Come on over to Crimespree Cinema and tell me what your favorite summer movies are.
Great Lakes Chamber Music Program for June 19, 2010
Schumann Andante and Variations in B-flat major, Op. 46
Chopin Selected Songs
Barber Capricorn Concerto, Op. 21
Hummel Septet in D minor, Op. 74
This concert was part of the Great Lakes Chamber Music Festival and the last performance on our Detroit Passport to the Arts ticket-the greatest bargain in cultural offerings today.
If you live in the Detroit area, seek it out. Next year's schedule is now posted. And for $109 you can go to a play, an opera, two classical music concerts, a dance performance and a film festival. You even get a reception afterwards. Sometimes you get a behind the scenes tour. My goodness, what are you waiting for.
We are already signed up for next year. We are not the target audience here, but the nicest thing about this program was seeing some dark heads amidst the gray. I am excited that in these times, some wonderful people in Detroit found a way to bring youth into these theater. Yay, Natalie. Yay, sponsors.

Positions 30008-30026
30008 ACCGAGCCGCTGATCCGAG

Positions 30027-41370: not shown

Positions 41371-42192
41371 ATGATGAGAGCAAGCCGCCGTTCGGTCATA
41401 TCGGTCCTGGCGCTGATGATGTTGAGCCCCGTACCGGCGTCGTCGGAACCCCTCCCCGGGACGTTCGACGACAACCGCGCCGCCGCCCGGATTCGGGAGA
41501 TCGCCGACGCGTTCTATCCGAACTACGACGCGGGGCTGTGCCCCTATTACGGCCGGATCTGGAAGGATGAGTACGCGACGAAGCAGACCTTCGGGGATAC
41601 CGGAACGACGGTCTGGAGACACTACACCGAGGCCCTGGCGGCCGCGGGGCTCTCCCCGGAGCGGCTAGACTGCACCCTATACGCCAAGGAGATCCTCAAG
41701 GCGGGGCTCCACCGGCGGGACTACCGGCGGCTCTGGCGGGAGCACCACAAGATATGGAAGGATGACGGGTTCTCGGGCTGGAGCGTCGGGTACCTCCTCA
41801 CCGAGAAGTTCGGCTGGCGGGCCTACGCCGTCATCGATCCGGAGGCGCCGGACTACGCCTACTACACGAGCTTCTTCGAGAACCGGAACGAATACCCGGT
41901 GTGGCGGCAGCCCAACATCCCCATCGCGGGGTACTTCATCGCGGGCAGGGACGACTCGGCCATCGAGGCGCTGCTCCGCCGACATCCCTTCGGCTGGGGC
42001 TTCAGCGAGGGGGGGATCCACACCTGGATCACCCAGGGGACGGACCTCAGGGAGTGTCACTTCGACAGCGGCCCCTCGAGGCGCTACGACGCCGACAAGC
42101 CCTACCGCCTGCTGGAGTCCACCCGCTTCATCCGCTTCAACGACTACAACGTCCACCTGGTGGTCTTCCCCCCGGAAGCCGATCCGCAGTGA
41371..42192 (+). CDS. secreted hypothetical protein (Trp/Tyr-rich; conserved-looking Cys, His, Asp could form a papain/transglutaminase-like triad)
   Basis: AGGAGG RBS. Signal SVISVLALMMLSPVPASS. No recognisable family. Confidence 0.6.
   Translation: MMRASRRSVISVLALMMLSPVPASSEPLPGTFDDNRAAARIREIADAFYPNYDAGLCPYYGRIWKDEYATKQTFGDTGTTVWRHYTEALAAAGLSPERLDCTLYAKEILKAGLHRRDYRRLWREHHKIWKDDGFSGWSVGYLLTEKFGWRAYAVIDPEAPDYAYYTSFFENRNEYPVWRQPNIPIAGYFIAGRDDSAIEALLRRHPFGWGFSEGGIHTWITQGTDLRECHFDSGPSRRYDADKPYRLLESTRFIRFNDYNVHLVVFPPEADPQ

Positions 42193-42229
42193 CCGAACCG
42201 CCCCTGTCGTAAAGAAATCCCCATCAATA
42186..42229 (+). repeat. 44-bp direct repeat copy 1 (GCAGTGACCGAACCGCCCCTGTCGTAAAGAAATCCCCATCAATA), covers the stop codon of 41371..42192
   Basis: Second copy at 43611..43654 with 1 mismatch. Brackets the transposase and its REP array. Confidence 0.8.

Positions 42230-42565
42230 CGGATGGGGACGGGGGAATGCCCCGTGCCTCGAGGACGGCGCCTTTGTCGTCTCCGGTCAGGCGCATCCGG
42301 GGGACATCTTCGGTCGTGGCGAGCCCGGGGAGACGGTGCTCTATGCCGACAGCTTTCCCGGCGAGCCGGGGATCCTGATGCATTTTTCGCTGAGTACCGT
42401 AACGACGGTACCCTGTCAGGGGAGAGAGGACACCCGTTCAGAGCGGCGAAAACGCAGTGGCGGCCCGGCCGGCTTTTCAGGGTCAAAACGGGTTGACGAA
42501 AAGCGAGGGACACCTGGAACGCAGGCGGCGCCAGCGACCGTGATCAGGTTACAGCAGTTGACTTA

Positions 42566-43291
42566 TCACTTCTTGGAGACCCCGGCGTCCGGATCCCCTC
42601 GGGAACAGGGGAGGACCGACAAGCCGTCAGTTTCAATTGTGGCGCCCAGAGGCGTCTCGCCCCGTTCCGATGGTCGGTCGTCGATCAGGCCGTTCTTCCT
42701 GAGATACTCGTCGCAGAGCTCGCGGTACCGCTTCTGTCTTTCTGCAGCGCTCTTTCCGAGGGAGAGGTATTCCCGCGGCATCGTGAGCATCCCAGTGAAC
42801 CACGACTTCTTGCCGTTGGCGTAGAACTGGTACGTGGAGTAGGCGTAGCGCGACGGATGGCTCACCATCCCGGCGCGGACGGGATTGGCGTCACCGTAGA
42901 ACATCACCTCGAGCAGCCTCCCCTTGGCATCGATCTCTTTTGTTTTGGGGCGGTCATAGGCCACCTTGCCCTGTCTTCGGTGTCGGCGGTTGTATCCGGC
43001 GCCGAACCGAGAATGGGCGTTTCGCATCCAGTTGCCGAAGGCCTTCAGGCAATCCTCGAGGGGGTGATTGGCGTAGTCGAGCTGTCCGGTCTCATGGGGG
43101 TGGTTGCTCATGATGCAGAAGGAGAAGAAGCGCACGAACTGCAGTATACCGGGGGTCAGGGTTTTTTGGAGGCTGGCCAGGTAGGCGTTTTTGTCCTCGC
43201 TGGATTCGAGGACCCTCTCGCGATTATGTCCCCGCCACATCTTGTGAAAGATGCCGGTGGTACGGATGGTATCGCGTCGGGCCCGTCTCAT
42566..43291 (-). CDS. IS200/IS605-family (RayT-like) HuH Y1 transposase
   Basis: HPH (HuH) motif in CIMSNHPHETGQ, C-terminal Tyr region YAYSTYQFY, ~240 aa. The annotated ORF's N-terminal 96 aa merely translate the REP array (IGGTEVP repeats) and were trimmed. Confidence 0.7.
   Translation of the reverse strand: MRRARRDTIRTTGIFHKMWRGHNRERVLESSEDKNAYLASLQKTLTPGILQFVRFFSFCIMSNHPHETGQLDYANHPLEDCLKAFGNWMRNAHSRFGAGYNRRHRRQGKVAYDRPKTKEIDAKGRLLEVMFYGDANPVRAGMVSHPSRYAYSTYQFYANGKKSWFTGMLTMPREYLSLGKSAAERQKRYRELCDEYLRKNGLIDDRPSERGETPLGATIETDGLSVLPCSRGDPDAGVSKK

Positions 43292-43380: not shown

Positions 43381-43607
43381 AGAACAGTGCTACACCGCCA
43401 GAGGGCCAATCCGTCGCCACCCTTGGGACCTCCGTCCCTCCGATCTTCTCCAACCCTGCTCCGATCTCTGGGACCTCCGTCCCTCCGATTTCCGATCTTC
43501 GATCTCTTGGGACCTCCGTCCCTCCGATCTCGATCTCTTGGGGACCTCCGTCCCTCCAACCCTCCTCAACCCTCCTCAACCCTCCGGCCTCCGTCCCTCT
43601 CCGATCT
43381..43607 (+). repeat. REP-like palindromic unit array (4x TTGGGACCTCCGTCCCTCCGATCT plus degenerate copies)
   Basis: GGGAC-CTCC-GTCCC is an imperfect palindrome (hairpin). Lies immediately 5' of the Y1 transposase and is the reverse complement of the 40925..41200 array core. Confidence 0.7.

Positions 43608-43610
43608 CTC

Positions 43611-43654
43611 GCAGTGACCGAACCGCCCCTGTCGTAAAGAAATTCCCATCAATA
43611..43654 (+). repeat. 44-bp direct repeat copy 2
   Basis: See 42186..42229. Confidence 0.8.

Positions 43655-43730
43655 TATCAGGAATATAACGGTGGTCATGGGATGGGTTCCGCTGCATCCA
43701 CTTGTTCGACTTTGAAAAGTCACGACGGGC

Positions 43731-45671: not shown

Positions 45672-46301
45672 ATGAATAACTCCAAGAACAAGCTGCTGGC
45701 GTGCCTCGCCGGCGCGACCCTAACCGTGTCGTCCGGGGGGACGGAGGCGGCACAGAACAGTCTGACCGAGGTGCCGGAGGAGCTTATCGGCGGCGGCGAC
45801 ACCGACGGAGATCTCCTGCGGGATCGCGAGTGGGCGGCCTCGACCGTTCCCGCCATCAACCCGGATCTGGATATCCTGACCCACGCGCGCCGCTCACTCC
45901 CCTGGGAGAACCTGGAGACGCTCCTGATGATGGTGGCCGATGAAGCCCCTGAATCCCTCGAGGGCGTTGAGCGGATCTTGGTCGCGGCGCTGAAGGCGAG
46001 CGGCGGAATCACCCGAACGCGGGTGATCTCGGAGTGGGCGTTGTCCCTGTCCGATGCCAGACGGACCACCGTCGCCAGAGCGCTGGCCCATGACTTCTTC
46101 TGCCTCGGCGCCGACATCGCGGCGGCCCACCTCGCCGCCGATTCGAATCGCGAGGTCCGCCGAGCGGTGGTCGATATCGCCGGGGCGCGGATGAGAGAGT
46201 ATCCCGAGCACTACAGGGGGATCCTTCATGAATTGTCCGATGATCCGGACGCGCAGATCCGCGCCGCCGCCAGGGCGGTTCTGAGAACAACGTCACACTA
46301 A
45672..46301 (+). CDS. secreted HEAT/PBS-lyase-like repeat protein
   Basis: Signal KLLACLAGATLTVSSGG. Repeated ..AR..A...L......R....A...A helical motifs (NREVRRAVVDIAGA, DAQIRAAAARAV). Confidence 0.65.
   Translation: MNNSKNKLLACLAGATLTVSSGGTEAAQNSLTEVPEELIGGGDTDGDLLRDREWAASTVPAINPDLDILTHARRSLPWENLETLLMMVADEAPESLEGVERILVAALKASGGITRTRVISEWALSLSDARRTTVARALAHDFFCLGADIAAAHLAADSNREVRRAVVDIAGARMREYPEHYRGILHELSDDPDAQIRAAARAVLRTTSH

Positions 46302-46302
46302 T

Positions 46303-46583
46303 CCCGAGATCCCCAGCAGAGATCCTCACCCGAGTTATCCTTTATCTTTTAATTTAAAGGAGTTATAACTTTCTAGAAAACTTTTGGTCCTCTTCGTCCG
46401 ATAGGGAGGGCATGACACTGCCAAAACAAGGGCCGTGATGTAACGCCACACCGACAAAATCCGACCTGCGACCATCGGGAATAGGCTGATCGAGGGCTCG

Okay, nothing to do with either DP2A or the terrific music we heard last night but here's a little gripe.
I am happy to go early to a classical music concert and hear the pre-concert talk. I heard one last night about the composer (Barber) and it was interesting. It even gave me an idea for a story.
However, a new trend is taking hold. For the third time lately, one of the musicians or the conductor, gave a few minutes' lecture before the piece began--right as the lights went down. This is a really bad idea as far as I'm concerned. When those lights go down, I need to be transported by the music, not the pianist or conductor talking. Do your 'splaining before the concert begins. If people don't come to the talk, they will still enjoy the music. The music should be enough. No explanation necessary.
It's as if a director came out on the stage before a play began and said, "Now in this act, Arthur Miller is trying to demonstrate the shallow nature...." Bad idea right?
Is it just me that finds this annoying? I know pop musicians talk to their audience (except for Bob Dylan) but the atmosphere is very different. Let it just be me and the music.